Dress to impress

  dress code
   A new financial year, new hiring targets and with companies scouring the market for fresh talent, it is time to dress to impress at those job interviews.

Post March 31, it’s time to climb another rung of the career ladder. But now that you’ve landed an interview for that ‘omigosh-I’ve-just-gotta-have-it’ job opportunity, it’s time for the big question.

What do you wear to the all-important meeting?

Here are a few pointers to help you nail the professional dress code. It starts with…

Grooming: Leap out of bed, drag on a tee that passes the smell-test and shove your feet in old, worn floaters? Sure, if you're joining your hostel buddies for the Holi celebrations at the university campus.

Whether you are a guy or a girl, en deshabille isn’t a good look for an interview.

Having a bath and wearing freshly washed, well-ironed clothes is the bare minimum. Up the ante with freshly-washed (but not wet) hair and a good cologne or perfume.

Girls, make sure you don’t go with chipped nail paint, or with your hair in a bath knot. The professional femme also needs to address epilation issues – that means no moustaches, ladies!

For dudes, a close shave or neatly-trimmed beard /moustache is a must. Downplay your colour palette. Arriving for a work interview looking like an explosion in a paint factory is a rookie mistake. Keep that ‘designer-inspired’ churidar-kurta in a mix of eye-watering colours for mall-hopping.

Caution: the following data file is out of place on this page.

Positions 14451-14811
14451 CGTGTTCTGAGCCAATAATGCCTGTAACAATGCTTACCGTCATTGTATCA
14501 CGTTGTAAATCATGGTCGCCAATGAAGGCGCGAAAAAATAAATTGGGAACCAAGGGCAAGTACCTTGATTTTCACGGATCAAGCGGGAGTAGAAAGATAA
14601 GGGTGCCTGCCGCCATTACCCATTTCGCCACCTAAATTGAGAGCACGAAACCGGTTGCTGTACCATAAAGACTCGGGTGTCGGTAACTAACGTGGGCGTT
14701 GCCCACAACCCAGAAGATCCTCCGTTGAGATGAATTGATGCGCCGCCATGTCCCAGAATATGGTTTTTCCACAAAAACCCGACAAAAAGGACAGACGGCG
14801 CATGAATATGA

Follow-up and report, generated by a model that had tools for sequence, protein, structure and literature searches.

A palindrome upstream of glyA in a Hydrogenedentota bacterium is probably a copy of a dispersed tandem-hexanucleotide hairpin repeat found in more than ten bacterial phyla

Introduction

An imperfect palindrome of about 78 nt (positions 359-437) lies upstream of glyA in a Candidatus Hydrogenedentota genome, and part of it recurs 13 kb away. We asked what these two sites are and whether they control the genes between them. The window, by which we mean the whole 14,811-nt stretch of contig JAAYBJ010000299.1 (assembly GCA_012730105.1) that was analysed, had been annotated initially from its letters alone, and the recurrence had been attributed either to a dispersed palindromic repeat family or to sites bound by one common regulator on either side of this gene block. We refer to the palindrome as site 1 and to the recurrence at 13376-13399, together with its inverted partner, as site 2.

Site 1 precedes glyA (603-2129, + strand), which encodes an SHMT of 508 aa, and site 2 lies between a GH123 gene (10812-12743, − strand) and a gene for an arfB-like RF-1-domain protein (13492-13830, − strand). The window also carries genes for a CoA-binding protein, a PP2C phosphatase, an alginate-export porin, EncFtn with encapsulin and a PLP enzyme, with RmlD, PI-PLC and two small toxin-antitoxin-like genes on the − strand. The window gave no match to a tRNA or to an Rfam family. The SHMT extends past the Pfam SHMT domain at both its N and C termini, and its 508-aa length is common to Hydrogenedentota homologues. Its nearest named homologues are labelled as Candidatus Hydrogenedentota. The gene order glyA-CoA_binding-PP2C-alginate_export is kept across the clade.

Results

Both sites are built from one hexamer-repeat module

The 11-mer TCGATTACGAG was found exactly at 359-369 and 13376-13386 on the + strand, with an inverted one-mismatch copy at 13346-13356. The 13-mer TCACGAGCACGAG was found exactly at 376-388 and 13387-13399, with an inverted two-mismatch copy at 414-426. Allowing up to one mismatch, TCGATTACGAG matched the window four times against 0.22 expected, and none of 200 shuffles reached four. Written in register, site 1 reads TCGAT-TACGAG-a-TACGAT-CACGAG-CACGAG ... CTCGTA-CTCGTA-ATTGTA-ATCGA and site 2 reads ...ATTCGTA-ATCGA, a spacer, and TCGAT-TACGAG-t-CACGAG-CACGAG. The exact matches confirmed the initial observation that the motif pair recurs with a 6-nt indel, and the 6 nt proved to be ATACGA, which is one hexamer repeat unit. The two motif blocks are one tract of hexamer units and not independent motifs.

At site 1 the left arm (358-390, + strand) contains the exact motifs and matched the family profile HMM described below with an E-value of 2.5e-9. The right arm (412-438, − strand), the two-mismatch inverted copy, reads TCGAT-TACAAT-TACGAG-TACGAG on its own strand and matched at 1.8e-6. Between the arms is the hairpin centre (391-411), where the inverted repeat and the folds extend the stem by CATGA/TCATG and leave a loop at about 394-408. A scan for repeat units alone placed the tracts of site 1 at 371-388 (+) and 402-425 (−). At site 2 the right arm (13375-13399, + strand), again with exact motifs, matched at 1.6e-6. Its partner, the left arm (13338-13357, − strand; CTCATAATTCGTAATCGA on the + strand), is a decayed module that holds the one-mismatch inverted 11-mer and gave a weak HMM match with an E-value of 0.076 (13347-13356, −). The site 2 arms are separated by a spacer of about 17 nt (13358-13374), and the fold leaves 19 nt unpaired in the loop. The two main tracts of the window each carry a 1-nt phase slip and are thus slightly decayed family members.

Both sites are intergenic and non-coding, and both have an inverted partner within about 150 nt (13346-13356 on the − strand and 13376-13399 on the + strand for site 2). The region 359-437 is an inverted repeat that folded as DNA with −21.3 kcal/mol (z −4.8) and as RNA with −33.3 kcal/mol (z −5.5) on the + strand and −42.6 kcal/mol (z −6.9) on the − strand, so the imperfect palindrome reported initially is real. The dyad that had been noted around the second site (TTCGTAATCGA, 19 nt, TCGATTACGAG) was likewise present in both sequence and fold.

Stick with sober hues from one side of the colour wheel. Pair black, navy or charcoal with formal black shoes. If you're going with dark green, brown or khaki, go with brown or tan shoes. Shirts and tops should be in muted hues.

Think white, cream, dove-grey, beige or soft pastels. Saris in solid colours like maroon, black or navy with a small gold border are ideal interview-wear, as are stiffly-starched cotton saris in white, off-white or ecru.

Go formal: Corporate skirts or formal trousers in solid colours are ideal. For guys, shirts need to be full-sleeved and formal.

Girls have a little more wiggle-room, but stick to formal-looking tops. Remember, firms in conservative domains like finance frown on frilly shirts. Even casuals need to be strictly business casuals.

Chinos, plain t-shirts and moccasins are an acceptable alternative for ultra-casual workplaces like start-ups.

Jeans are best avoided, but if you must wear them, opt for black jeans. Oh, and backpacks are for backpackers. Carry a laptop case, a matching handbag or a briefcase.

If you want a job, showing up looking like you blend seamlessly into the workscape is half the battle won. Happy job-hunting!

What not to wear for an interview

 Sleeveless, backless, racer-back, low-cut or halter-tops

 Logo t-shirts, especially with ‘funny’ messages. HR may not share your sense of humour

 Anything sheer or see-through

 Glitter. Unless you're working at a nightclub

 Ripped jeans and skinny jeans

 Noisy jewellery for girls, gangsta gold chains for guys